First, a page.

"The Rule of St. Benedict is written for a community of wounded persons. At the end of a series of precepts for dealing with wounded brothers, the abbot is enjoined to 'realize that he has undertaken care of the sick, not tyranny of the healthy.' Therefore, 'he is to imitate the example of The Good Shepherd.' "Fr. Donald Raila, OSB, Lessons from Saint Benedict--Finding Joy in Daily Life.In my replies to "Anonymous" I did not follow this precept as I should have. In explaining that the physics of the "raisin loaf analogy" for the expanding universe was correct, I made a comment that this explanation followed from first year physics. That was snarky, meant (albeit subconsciously) to belittle "Anonymous" and should not have been made. And, as the first quote says "we are to refrain from evil words."
2. I interpret the second quotation "on the fourth degree of humility" as telling us to listen to criticisms even though they seem to be not justified or based on false premises. We should learn from them, and if they seem unintelligible, ask the person making that criticism to explain what premises or line of reasoning he/she is following.
3. We should reflect carefully on criticisms, even when they're worded in a belligerent or belittling way, to determine whether there's substance to them and, if so, how we can use that criticism to make our points more clearly and correctly.
4. One of the comments made by St. Benedict in the chapter on obedience has to do with accepting orders, just or unjust, without grumbling. And that means both external and internal grumbling. This can be translated to accepting justified criticism without grumbling, either external or internal.
5. Finally, the last of the quotations above, "that he speak gently ...with few and sensible words" applies to comments and rebuttals. There's an implication here that what we say should be instructive, not just empty chatter. I'm not sure about the injunction to abstain from laughter--perhaps St. Benedict meant laughing at someone, rather than with, and I am very often tempted to use humor to defuse anger (not always successfully, as pointed out above).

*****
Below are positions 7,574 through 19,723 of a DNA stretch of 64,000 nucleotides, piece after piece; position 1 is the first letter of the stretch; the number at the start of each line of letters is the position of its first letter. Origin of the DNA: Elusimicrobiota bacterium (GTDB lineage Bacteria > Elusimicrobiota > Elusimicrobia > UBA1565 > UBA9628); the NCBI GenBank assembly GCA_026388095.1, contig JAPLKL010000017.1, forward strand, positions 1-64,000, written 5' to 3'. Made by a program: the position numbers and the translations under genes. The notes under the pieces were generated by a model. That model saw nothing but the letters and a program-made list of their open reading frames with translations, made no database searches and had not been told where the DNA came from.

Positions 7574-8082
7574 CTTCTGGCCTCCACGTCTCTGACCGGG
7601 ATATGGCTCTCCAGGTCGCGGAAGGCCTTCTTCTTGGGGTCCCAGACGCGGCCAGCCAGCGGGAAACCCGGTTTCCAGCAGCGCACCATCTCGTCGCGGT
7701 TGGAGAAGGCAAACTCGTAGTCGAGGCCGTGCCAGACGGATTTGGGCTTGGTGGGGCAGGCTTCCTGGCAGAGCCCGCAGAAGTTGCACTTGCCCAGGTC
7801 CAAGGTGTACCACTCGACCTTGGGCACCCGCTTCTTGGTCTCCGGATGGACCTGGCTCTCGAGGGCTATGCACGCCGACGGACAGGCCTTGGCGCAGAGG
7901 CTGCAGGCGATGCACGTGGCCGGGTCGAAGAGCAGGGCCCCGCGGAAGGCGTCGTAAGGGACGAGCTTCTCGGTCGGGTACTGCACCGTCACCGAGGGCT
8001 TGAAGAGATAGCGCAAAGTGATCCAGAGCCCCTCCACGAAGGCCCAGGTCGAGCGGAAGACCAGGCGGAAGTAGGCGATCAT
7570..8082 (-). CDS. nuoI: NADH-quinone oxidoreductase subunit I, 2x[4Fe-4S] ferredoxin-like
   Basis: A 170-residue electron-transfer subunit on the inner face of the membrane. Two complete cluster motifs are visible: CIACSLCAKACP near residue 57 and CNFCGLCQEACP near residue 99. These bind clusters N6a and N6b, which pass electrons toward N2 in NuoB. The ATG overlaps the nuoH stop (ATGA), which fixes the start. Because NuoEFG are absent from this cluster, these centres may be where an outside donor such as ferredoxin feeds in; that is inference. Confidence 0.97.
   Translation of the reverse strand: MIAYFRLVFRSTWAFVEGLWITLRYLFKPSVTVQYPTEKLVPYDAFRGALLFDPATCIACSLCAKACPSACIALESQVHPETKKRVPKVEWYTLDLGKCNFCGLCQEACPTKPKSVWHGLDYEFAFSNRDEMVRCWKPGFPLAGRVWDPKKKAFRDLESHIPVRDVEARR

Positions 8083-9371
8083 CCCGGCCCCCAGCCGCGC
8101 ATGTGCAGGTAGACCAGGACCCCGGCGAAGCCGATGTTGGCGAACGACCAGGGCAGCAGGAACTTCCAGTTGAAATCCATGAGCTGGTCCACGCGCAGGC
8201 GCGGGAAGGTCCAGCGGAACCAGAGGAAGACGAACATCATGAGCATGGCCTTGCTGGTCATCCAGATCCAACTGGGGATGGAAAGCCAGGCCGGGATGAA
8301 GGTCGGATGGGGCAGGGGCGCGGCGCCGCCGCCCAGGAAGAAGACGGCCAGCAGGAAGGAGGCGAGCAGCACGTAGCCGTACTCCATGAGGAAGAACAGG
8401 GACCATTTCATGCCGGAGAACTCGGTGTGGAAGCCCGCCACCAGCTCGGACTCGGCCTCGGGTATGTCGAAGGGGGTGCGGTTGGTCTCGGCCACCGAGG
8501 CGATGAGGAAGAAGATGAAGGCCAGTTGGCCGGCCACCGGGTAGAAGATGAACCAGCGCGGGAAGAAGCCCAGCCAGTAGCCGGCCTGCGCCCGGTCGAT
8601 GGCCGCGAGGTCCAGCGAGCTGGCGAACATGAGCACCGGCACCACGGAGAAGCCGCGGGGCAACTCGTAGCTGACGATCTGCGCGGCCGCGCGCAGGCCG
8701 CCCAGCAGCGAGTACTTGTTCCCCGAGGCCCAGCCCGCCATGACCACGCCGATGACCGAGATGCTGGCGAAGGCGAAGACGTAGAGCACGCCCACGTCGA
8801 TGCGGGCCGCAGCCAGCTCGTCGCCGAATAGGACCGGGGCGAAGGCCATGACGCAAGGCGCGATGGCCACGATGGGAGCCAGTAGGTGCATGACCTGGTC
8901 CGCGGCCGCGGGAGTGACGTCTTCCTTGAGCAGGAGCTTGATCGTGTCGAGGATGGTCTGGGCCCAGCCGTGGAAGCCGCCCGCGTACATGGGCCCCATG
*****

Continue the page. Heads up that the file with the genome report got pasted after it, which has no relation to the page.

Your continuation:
The rules above are just a few general ones that can be drawn from The Rule. There may well be others, and if the reader can supply others, I'd be most grateful. Also, I must confess that I have just begun to follow these rules, even though I've been a Benedictine Oblate for more than 10 years. It takes conscious effort; it's very tempting to react in kind when someone is particularly nasty. But following these rules and The Rule is an aid, a prosthesis, to help us live as a Christian.
REFERENCES (OTHER THAN THOSE LINKED TO ABOVE).
OSB: About the Rule of St. Benedict
Oblates of St. Benedict
"My only reservation is your use of the word 'rules as if the RULE were a book of rules. (Some people say 'Rule 1', 'Rule 2', instead of 'Chapter 1', 'Chapter 2', and that can be very misleading.) The RULE itself is a collection of Christian guidelines for a community of monks. There are some actual rules, but that is not the point of the RULE. Also, of course, many of the 'rules' no longer apply, but the underlying values do." Fr. Donald Raila, letter 3 October, 2016Point well taken, Fr. Donald. I'll try to remember this in future posts about the RULE.